SIMON: There’s this smiling Ken doll and he has his arms up, and then there are two Barbies you see from behind. One has a toy knife, and the other has a gun. And so it was just about reversing the gender roles a little bit and the fact that Ken was happy about it.
MW: How did "Member" end up at The DC Center?
SIMON: I put my Web site online in January of this year and posted that project in a few places and just let it seep out into the Internet. The D.C. Trans Coalition contacted me. They were working on a conference called "Just One of the Guys," which was a conversation between bi- or gay- identified men and trans men, talking about issues around disclosure and bathroom issues and doctors and all these things, and how we can start to talk together to have more knowledge out there.
They wanted to include a visual element to that and so they called me and said, "Please, please, please, please, show your work at our conference. We really want it. This would be perfect."
And I said, "Of course I’ll show it. Why are you begging me?" Then they said they wanted to leave it up longer so that if people didn’t have a chance to see it at the conference, they’d have another chance to see it [at The DC Center].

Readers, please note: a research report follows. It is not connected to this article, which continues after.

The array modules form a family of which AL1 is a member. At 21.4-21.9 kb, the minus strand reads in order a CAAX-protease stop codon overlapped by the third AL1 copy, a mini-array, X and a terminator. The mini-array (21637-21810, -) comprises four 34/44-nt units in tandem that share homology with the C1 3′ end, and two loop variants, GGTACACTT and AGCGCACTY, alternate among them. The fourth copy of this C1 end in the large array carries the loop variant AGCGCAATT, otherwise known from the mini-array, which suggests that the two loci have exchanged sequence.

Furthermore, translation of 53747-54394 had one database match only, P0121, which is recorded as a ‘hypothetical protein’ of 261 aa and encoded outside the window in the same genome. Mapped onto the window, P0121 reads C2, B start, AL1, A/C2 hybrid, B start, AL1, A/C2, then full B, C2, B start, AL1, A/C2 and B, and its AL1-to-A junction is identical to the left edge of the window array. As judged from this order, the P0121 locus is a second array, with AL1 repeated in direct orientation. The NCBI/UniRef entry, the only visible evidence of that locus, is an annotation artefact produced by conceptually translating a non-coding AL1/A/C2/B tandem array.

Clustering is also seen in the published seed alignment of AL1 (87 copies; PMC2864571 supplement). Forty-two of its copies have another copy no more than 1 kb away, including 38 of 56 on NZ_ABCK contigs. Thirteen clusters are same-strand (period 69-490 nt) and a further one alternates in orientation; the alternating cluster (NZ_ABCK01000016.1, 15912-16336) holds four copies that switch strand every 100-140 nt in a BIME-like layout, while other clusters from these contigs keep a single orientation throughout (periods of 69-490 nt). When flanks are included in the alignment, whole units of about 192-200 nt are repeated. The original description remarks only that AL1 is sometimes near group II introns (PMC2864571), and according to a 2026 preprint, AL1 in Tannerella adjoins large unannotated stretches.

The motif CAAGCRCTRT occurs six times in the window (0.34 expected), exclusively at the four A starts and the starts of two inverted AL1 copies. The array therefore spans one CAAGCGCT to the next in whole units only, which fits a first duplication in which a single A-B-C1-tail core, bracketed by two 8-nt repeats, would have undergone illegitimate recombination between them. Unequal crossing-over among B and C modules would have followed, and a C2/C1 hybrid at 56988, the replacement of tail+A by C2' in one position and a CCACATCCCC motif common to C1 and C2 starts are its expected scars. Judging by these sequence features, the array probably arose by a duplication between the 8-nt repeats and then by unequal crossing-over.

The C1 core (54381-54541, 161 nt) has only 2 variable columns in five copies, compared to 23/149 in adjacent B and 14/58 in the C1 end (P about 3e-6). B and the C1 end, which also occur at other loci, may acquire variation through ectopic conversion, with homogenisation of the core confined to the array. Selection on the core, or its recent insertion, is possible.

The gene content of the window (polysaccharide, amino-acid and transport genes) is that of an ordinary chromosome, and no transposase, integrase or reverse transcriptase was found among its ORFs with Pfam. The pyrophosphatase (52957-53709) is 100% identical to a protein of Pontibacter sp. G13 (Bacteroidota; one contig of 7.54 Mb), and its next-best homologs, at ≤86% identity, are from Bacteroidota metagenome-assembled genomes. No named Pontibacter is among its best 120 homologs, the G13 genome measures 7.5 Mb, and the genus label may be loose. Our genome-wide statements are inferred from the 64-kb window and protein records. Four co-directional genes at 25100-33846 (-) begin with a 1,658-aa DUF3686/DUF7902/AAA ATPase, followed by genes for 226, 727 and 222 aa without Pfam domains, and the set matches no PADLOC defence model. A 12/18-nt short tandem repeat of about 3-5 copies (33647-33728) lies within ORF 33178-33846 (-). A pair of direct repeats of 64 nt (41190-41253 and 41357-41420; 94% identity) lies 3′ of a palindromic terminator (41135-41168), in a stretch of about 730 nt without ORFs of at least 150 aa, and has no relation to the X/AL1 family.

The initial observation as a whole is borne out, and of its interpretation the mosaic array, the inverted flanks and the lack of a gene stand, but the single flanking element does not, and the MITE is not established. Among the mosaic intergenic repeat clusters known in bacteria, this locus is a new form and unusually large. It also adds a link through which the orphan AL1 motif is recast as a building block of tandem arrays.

MW: What do you want people to get out of "Member"?
SIMON: That being a man doesn’t mean you have to have a penis, or a penis of a certain size. There are a lot of [existing] photographs of trans people and they are all saying the same thing: Trans people are human. I feel like we should be so much further than we are with art and photography of trans people. I want people to be able to have a space to start a dialogue about being a man, having a body, identifying your body as being a man’s body, and the whole issue of equating having a penis with being a man and how pervasive that is in our culture -- and how damaging it is for everybody.